One solution ( there are multiple) would be a revival of the 'back to the land' movement of the 60s and 70s, aka hippie comunes. Years ago I binged on documentaries about the subject, trying to figure out why they failed.

From what I could infer it was too easy to leave. People would drift in and out, with a net loss over time. There was a broader society that was just easier and more convenient. Also, people wanted to be close to their relatives or coveted a traditional family structure that they grew up with.

A few places still exist but seem to have been taken over by single older men that assume more of an owner dynamic.

Maybe this might reappear as an option since the younger generation in more into sharing both partners and things. Particularly if the alternative is living in rolling lockdowns and eating 3d printed meat.
 

MrHullMysterious

Well-Known Member
One solution ( there are multiple) would be a revival of the 'back to the land' movement of the 60s and 70s, aka hippie comunes. Years ago I binged on documentaries about the subject, trying to figure out why they failed.

From what I could infer it was too easy to leave. People would drift in and out, with a net loss over time. There was a broader society that was just easier and more convenient. Also, people wanted to be close to their relatives or coveted a traditional family structure that they grew up with.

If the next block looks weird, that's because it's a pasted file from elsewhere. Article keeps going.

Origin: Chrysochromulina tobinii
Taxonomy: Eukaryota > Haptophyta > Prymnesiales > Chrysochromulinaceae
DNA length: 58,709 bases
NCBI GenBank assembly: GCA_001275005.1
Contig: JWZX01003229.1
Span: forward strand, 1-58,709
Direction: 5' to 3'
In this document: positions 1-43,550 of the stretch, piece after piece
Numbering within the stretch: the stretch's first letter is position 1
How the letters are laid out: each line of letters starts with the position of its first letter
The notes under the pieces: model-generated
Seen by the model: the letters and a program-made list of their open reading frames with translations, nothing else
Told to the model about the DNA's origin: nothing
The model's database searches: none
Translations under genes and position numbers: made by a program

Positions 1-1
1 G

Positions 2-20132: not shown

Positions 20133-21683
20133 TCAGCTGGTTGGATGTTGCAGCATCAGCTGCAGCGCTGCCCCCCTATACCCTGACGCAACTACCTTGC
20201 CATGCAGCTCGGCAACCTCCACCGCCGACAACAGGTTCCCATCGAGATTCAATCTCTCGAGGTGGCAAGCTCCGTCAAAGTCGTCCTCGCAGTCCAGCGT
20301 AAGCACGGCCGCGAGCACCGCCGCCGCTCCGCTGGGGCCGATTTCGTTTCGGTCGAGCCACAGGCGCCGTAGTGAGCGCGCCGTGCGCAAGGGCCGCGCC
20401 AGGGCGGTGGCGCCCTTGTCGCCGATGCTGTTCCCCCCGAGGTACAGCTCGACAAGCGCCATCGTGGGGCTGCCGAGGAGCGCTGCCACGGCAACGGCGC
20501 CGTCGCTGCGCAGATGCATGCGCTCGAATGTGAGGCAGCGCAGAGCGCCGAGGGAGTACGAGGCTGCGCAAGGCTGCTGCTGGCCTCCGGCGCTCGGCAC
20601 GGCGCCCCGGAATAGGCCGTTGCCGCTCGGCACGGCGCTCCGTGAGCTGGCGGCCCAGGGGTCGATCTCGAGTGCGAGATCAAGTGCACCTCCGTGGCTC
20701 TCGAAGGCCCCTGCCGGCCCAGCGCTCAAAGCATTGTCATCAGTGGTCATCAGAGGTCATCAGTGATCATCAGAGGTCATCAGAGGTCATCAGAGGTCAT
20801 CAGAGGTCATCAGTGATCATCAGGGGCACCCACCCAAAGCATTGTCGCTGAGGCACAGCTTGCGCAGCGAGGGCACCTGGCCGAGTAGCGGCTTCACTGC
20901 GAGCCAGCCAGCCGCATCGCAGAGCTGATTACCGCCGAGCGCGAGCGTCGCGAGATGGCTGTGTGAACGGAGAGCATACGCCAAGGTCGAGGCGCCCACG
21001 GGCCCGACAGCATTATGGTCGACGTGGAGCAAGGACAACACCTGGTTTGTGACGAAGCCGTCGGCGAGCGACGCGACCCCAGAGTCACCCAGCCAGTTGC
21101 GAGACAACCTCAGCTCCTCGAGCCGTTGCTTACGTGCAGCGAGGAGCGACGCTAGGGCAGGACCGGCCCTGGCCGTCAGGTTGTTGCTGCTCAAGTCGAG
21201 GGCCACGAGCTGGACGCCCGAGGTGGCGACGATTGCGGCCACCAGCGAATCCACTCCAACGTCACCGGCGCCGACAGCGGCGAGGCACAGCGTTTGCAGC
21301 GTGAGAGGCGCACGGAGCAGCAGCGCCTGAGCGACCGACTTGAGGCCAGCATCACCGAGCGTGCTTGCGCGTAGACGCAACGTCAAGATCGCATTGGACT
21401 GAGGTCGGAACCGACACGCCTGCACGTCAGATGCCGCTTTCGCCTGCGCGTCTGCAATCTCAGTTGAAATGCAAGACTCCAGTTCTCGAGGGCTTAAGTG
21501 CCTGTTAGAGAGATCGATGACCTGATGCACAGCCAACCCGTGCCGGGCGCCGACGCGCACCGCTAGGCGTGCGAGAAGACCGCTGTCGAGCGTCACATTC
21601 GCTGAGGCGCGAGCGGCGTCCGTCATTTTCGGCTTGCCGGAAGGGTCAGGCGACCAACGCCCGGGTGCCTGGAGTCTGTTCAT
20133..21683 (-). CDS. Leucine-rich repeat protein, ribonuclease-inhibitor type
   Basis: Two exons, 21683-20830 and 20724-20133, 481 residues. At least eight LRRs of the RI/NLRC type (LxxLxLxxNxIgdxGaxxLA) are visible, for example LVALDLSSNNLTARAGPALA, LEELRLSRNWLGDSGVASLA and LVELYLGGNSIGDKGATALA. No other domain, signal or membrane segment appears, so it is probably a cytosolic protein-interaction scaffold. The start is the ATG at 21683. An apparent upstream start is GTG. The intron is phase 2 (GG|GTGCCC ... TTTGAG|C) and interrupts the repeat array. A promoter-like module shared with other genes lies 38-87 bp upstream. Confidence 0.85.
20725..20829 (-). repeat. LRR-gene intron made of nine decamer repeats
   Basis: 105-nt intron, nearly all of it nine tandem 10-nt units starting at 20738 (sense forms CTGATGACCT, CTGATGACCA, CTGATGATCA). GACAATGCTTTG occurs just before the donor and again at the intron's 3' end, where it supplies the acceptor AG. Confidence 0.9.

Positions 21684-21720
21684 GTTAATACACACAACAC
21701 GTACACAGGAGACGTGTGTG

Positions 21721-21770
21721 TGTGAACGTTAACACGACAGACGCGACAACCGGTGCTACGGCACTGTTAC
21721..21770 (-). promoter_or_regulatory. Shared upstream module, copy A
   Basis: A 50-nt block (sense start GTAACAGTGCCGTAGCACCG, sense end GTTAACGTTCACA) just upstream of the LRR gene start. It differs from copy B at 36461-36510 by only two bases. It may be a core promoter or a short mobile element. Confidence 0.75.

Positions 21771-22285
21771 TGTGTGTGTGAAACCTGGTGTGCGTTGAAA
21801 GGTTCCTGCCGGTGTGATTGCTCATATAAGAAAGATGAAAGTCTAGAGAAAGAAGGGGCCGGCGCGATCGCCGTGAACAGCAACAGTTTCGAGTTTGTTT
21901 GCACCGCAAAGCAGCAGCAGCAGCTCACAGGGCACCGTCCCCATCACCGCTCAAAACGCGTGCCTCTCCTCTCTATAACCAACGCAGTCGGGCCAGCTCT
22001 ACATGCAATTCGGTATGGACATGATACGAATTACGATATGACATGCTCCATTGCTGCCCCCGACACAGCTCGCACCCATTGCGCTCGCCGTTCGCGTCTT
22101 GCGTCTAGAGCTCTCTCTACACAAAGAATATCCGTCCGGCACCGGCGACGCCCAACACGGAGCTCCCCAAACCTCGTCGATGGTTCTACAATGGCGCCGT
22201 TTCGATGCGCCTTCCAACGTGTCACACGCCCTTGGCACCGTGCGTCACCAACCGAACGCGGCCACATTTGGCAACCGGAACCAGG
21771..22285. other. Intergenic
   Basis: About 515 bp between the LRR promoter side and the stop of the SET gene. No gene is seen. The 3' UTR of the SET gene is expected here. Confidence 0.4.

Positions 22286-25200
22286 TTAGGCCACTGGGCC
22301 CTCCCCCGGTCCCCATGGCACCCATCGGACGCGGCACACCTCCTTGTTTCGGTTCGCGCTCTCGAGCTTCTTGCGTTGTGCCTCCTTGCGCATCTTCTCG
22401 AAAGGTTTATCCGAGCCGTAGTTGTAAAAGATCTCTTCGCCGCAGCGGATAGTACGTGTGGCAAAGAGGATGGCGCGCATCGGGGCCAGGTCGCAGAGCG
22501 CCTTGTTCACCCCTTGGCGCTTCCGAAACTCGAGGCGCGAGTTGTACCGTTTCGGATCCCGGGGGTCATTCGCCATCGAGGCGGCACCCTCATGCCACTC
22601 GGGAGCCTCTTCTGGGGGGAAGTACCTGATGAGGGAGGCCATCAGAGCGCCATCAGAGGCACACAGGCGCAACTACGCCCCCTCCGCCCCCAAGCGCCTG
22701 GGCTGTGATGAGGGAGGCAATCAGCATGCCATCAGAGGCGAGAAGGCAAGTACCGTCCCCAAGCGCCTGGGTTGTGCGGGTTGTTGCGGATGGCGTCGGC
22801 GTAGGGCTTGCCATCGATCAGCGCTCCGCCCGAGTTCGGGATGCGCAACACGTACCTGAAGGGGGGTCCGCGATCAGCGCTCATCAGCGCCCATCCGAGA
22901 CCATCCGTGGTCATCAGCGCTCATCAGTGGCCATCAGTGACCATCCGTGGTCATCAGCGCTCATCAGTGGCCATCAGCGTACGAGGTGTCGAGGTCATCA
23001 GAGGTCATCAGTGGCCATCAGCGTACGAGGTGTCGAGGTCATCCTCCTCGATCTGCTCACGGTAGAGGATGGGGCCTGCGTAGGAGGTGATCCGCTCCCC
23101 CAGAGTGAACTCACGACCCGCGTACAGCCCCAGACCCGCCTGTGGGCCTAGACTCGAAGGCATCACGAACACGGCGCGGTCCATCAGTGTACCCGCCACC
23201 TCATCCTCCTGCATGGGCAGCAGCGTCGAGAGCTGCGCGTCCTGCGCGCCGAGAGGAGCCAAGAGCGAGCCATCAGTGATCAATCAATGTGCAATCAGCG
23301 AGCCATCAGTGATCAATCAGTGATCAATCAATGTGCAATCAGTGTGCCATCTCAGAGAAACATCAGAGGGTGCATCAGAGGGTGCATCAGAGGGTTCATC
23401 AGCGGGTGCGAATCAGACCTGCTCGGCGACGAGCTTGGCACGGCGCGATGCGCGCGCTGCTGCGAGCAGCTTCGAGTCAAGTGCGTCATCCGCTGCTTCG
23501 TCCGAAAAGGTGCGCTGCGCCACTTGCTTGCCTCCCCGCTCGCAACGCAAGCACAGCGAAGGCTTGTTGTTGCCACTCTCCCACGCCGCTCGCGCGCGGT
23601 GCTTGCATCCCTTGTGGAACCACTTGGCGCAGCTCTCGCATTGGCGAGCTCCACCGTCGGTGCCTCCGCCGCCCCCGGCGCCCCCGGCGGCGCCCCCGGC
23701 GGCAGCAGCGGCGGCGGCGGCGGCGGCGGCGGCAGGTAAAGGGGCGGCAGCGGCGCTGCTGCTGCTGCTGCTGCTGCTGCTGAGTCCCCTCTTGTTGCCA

A few places still exist but seem to have been taken over by single older men that assume more of an owner dynamic.

Maybe this might reappear as an option since the younger generation in more into sharing both partners and things. Particularly if the alternative is living in rolling lockdowns and eating 3d printed meat.
I think that idyllic ideal isn't really feasible for 7+ billion people, hence why have high intensity agriculture. Unless we all live on the food poverty line, and have less people free to do other work. Although with more automation, we may find ourselves living that life anyhow!🤔